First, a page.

New Delhi: India on 20 March introduced in parliament a new mining policy it hopes will lure foreign and domestic investment, but the document made no mention of changes to royalty payments demanded by mineral-rich states.
The policy was approved by the federal cabinet last week after a delay of nearly two years as state and federal politicians wrangled over key details.
It is likely to be debated in parliament, followed by a legislative amendment to existing mining laws. It aims to shorten the time it takes for mining leases to be granted to about six months to a year, a process that can currently drag on for years.
But it skirted the issue of royalties.
“The revenues from minerals will be rationalised to ensure that the mineral-bearing states get a fair share of the value of minerals extracted from their grounds,” the policy document said.
State governments have been demanding a switch from a flat rate on minerals to royalties based on their value, possibly eating into miners’ margins but handing local governments a lot more money for their natural assets.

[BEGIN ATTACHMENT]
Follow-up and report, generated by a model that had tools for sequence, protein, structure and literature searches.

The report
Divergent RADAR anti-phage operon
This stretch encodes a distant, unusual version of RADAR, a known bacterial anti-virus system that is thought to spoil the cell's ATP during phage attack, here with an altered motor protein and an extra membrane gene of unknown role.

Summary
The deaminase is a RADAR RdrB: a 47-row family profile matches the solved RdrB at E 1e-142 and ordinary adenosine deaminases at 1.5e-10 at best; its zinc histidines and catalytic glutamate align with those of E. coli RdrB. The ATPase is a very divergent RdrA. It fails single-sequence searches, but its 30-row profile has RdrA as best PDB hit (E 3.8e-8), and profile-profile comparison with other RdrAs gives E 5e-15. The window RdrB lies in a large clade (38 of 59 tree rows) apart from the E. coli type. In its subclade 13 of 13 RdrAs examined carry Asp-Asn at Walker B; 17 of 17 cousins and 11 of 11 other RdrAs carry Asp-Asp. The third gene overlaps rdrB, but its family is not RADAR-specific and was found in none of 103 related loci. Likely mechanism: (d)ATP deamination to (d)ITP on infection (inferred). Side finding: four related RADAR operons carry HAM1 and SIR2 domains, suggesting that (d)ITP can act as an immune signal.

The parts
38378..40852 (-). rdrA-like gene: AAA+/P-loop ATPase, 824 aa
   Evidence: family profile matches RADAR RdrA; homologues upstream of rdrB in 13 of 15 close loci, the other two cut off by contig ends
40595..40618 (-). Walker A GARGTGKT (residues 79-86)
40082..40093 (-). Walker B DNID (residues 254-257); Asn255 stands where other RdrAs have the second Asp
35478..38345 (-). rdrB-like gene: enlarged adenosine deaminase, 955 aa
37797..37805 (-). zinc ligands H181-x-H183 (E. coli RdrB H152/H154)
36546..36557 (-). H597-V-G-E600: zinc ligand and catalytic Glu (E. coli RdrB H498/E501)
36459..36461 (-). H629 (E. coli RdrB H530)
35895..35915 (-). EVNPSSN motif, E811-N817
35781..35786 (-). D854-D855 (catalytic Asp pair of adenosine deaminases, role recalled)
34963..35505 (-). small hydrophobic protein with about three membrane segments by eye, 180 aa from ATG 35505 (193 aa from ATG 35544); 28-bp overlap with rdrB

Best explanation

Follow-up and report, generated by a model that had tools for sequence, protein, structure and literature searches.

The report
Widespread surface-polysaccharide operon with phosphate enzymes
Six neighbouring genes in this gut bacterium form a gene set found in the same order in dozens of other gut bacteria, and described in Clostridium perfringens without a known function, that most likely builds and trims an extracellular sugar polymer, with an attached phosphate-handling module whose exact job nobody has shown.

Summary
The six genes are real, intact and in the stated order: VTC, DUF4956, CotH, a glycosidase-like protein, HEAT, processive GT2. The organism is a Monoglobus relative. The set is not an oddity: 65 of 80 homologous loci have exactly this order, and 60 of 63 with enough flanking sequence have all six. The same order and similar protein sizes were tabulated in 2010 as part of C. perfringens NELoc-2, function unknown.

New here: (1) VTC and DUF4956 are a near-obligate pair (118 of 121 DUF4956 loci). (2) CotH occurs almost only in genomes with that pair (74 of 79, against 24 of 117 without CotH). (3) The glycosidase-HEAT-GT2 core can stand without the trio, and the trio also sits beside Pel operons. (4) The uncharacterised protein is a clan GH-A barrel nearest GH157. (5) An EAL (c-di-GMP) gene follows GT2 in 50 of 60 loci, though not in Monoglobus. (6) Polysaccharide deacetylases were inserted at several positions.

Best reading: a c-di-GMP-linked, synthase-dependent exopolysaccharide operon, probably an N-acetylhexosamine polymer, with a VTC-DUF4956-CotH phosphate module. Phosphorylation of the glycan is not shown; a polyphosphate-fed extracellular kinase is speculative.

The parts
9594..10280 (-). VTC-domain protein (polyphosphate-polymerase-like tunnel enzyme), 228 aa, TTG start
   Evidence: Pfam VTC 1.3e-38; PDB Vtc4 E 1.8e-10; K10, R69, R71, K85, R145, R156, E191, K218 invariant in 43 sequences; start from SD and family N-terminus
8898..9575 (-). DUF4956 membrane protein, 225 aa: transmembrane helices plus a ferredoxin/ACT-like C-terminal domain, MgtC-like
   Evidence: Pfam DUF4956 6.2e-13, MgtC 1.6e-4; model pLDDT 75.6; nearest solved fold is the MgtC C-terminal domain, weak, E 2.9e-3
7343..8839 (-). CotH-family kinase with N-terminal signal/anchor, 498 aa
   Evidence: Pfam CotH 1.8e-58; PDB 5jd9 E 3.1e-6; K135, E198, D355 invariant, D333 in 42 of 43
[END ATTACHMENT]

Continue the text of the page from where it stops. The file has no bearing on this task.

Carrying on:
Officials from Delhi and the states are due to meet in about 10 days to try and hammer out an agreement on how royalties will be charged under the new policy.
Under the new guidelines, foreign and domestic firms should find it easier to invest in the exploration and mining of gold, diamonds and metals like copper and zinc, and prospecting companies will automatically obtain a mining licence.
Only 10% of India’s land mass has been explored for its mineral wealth, and industry officials say this is largely due to the mass of paper work involved.
“Prospecting and mining shall be recognised as independent activities with transferability of concessions playing a key role in mineral sector development,” the document said.
Until now, overseas prospecting companies have avoided coming to India because they could not sell the data they mapped, and could only utilise the information if they mined themselves.
The policy added that while state firms would continue to work on exploration and survey of minerals, the government would in future give more encouragement to private sector investment.
“Foreign equity investment in joint ventures for exploration and mining promoted by Indian companies will be encouraged,” it said.
The policy also said that it would encourage exports of value-added minerals. India is a large exporter of iron ore, mainly to China.